While Paasikivi was keenly aware of the Soviet reasons for the demands on Finland on the eve of the Winter War, his diplomatic mission to the Kremlin did not have the mandate to make those concessions that he deemed necessary and his nation went to war. It fought heroically, as noted, yet it ended up ceding more land than what the Soviet Union was initially demanding. The leader of the military effort against the Soviet Union, Marshal Carl Mannerheim, had even suggested moving the border on the Karelian Isthmus further west before the Winter War as a sign of goodwill towards the Kremlin and to assuage its sense of insecurity, but his remained a minority view in the government. And while much is made of the Winter War, and for all the right reasons, analysts forget to mention that Finland did eventually join Germany as a co-belligerent against the Soviet Union in what is known as the Continuation War from 1941 to 1944.


Only history will tell if Finland’s decision to join NATO, abandoning a policy of neutrality that served it well for a century, may affect the country’s interests adversely. Anatol Lieven, a Russia scholar, argues so in an article in Responsible Statecraft. “Finland’s heroic fight against the Soviet army had convinced Moscow that Finland was too tough a nut to try to crush,” Lieven wrote. “There was no reason whatsoever to think that Russia was going to change this policy and attack Finland.”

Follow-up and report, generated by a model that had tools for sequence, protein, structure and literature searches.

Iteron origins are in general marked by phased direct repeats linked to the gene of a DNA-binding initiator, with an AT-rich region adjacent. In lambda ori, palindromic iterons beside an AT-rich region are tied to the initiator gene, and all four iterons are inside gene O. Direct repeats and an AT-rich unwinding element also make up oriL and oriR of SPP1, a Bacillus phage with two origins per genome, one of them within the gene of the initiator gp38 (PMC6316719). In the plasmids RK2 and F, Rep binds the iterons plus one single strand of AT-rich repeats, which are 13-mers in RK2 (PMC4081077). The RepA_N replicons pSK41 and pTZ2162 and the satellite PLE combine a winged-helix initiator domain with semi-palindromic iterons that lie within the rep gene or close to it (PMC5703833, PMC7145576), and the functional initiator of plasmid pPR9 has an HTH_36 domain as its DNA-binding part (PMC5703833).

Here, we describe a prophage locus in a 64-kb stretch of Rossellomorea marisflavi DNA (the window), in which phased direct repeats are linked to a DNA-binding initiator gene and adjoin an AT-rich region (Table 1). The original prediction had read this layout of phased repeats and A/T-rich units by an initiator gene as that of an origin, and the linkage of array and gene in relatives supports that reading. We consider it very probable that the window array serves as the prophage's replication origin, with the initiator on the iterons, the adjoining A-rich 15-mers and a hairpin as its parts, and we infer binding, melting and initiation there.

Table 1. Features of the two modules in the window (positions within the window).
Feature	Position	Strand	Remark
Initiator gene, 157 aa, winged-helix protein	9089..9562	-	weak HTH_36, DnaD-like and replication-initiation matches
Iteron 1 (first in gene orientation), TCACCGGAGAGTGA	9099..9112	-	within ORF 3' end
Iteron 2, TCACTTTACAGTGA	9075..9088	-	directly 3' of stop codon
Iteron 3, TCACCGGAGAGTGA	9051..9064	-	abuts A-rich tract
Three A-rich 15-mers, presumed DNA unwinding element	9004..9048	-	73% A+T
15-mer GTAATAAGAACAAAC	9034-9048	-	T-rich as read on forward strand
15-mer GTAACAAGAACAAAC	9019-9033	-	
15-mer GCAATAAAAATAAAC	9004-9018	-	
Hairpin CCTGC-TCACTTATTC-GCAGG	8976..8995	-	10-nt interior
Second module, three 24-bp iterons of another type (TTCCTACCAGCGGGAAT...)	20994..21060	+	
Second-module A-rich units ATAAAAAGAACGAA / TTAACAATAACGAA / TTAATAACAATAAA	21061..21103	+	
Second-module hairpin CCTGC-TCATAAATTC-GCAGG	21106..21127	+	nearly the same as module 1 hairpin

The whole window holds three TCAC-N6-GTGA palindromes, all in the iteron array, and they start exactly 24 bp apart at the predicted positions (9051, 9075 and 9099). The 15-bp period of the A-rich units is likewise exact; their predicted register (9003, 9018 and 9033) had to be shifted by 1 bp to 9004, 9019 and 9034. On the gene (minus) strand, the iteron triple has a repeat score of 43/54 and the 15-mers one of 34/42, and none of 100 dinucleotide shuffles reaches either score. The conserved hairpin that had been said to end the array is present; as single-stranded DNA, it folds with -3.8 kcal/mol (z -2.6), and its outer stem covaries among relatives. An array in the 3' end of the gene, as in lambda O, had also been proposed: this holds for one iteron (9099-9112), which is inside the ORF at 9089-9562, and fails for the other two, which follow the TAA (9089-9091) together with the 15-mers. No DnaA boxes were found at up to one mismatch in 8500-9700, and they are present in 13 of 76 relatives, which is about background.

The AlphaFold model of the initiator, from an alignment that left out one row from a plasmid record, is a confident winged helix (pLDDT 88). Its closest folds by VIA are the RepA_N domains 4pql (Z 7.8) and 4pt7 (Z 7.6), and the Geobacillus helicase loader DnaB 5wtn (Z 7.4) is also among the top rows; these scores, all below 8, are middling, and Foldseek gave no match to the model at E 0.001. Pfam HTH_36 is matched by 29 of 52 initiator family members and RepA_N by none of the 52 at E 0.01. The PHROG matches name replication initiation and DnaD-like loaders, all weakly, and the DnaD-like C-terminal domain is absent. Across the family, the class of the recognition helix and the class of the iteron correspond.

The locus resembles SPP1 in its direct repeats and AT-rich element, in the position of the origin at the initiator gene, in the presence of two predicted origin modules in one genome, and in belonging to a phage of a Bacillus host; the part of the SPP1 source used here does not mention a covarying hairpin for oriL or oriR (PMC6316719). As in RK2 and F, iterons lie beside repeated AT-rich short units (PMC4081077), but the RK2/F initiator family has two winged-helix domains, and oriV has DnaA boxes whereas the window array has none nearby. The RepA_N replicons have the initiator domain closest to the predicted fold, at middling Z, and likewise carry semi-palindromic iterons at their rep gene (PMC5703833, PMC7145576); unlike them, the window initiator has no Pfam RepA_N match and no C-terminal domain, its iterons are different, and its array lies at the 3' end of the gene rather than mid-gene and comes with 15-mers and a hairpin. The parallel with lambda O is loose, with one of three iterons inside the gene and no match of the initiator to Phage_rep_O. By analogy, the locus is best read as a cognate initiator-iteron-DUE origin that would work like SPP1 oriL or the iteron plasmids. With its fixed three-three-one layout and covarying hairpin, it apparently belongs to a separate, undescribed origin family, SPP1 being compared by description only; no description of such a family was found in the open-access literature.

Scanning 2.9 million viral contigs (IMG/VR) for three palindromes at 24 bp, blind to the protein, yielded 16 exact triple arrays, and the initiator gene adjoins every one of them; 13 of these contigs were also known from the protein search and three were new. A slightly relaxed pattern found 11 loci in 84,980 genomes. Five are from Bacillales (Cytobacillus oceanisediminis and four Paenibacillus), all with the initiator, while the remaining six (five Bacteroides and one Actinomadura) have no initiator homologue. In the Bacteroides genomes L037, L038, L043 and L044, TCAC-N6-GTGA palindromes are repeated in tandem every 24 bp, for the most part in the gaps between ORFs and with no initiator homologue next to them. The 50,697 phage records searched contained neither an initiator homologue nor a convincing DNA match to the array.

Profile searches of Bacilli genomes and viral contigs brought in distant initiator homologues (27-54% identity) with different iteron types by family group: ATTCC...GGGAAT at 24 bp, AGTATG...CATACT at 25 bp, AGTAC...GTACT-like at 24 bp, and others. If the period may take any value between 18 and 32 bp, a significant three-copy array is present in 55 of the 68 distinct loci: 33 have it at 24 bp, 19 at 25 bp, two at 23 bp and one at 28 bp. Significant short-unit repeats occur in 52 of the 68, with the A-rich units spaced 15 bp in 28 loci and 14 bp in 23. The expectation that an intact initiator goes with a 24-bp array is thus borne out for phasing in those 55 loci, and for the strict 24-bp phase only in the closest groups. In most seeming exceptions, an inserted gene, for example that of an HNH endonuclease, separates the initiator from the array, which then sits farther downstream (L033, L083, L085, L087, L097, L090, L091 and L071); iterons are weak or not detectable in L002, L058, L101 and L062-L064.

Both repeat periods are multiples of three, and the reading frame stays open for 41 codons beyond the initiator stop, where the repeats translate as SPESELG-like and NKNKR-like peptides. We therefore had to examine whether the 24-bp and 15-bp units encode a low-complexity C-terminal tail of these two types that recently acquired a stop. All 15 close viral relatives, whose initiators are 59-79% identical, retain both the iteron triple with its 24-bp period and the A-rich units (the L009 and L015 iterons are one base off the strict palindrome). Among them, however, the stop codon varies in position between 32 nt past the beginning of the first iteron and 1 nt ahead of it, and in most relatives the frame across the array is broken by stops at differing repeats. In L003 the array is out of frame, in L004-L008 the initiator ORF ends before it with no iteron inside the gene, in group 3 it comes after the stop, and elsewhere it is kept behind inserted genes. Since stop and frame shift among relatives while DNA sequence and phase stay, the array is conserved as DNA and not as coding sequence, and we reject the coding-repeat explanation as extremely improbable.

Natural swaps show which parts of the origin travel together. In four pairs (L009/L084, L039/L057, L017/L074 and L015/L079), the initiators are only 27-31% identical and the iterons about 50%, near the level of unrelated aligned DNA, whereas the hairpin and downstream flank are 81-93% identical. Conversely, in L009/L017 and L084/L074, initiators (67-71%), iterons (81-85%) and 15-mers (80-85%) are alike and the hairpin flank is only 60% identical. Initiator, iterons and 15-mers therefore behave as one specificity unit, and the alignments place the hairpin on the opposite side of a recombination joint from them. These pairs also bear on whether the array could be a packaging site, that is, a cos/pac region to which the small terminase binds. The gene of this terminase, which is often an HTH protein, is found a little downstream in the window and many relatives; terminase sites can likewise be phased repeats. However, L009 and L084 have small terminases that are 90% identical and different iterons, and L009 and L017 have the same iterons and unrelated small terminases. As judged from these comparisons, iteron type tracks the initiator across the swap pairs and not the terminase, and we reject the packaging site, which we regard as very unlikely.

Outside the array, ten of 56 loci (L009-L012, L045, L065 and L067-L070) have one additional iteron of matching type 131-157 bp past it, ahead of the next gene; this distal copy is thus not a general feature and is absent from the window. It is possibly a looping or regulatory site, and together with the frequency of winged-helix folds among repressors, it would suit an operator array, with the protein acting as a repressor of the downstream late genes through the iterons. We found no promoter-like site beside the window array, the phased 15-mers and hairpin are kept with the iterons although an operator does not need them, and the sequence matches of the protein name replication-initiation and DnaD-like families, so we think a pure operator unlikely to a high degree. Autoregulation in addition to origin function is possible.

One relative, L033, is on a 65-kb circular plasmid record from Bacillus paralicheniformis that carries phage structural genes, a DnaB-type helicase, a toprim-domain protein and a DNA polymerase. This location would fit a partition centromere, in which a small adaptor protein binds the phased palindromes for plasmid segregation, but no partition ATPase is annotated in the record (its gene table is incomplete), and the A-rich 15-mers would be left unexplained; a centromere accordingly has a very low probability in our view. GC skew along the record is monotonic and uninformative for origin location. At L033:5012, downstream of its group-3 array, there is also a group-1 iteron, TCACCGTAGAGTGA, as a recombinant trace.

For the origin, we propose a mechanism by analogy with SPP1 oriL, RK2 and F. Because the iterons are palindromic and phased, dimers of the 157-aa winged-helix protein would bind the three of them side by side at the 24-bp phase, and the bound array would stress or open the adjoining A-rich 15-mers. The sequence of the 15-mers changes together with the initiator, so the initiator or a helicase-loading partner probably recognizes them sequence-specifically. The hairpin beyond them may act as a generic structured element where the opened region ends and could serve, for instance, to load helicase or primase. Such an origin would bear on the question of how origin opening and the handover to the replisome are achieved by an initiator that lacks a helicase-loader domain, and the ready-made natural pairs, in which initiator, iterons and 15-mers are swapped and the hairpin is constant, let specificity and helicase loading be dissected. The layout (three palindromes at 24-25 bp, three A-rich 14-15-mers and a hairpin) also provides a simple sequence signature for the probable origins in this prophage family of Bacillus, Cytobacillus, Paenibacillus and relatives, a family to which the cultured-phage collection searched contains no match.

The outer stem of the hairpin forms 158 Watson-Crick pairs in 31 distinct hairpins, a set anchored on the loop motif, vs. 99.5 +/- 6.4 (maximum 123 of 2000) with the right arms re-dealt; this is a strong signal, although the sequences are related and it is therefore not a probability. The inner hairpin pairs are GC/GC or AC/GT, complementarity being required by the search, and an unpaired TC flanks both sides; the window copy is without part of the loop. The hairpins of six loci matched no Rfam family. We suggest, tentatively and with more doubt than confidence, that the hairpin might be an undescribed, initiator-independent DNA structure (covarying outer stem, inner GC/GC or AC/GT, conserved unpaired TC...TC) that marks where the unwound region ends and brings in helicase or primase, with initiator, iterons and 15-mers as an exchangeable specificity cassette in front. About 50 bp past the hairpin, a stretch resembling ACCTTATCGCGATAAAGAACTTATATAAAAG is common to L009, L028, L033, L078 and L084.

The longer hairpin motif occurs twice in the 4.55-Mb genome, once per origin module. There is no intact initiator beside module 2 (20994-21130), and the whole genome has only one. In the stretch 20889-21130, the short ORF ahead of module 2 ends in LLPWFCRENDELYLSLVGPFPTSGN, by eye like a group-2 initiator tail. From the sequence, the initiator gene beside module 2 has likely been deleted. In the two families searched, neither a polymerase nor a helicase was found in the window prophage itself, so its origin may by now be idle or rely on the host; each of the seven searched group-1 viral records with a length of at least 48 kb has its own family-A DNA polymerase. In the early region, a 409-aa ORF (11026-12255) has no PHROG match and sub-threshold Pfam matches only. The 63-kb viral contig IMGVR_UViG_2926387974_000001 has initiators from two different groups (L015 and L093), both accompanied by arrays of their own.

Jörn Donner (d. 2020) a Finnish writer, actor and politician, began a speech he gave in London in 2017 by quoting from an old operetta Paasikivi used to cite in his political journals: “I may not catch on right away/ But, how wonderful it is to say/ That everything dawns on me eventually, clear as the light of day.”


“Neither Paasikivi and Mannerheim might be guilty of having hindsight, but both men, over time, developed a realistic understanding of what it meant to be part of Russia and neighbour, subsequently, of the Soviet Union,” said Donner five years before the Russian invasion of Ukraine. “They would most likely feel the same way about Russia today, which is every bit as unpredictable as it was under Stalin’s time.”


The measure of success in diplomacy is not imposing terms after victory but extracting the maximum possible from the clutches of defeat and a position of weakness. In that, Paasikivi was second to none. Yet by abandoning the most robust policy of neutrality crafted under the shadow of the Soviet Union, the Finnish government possibly has understood that in an upended world order, destabilized not only by the nuclear superpower next-door but also by NATO’s reckless expansion eastward—which paradoxically left Finland with no choice but to join it to preserve its security—Paasikivi’s “tight-rope” diplomacy was no longer viable.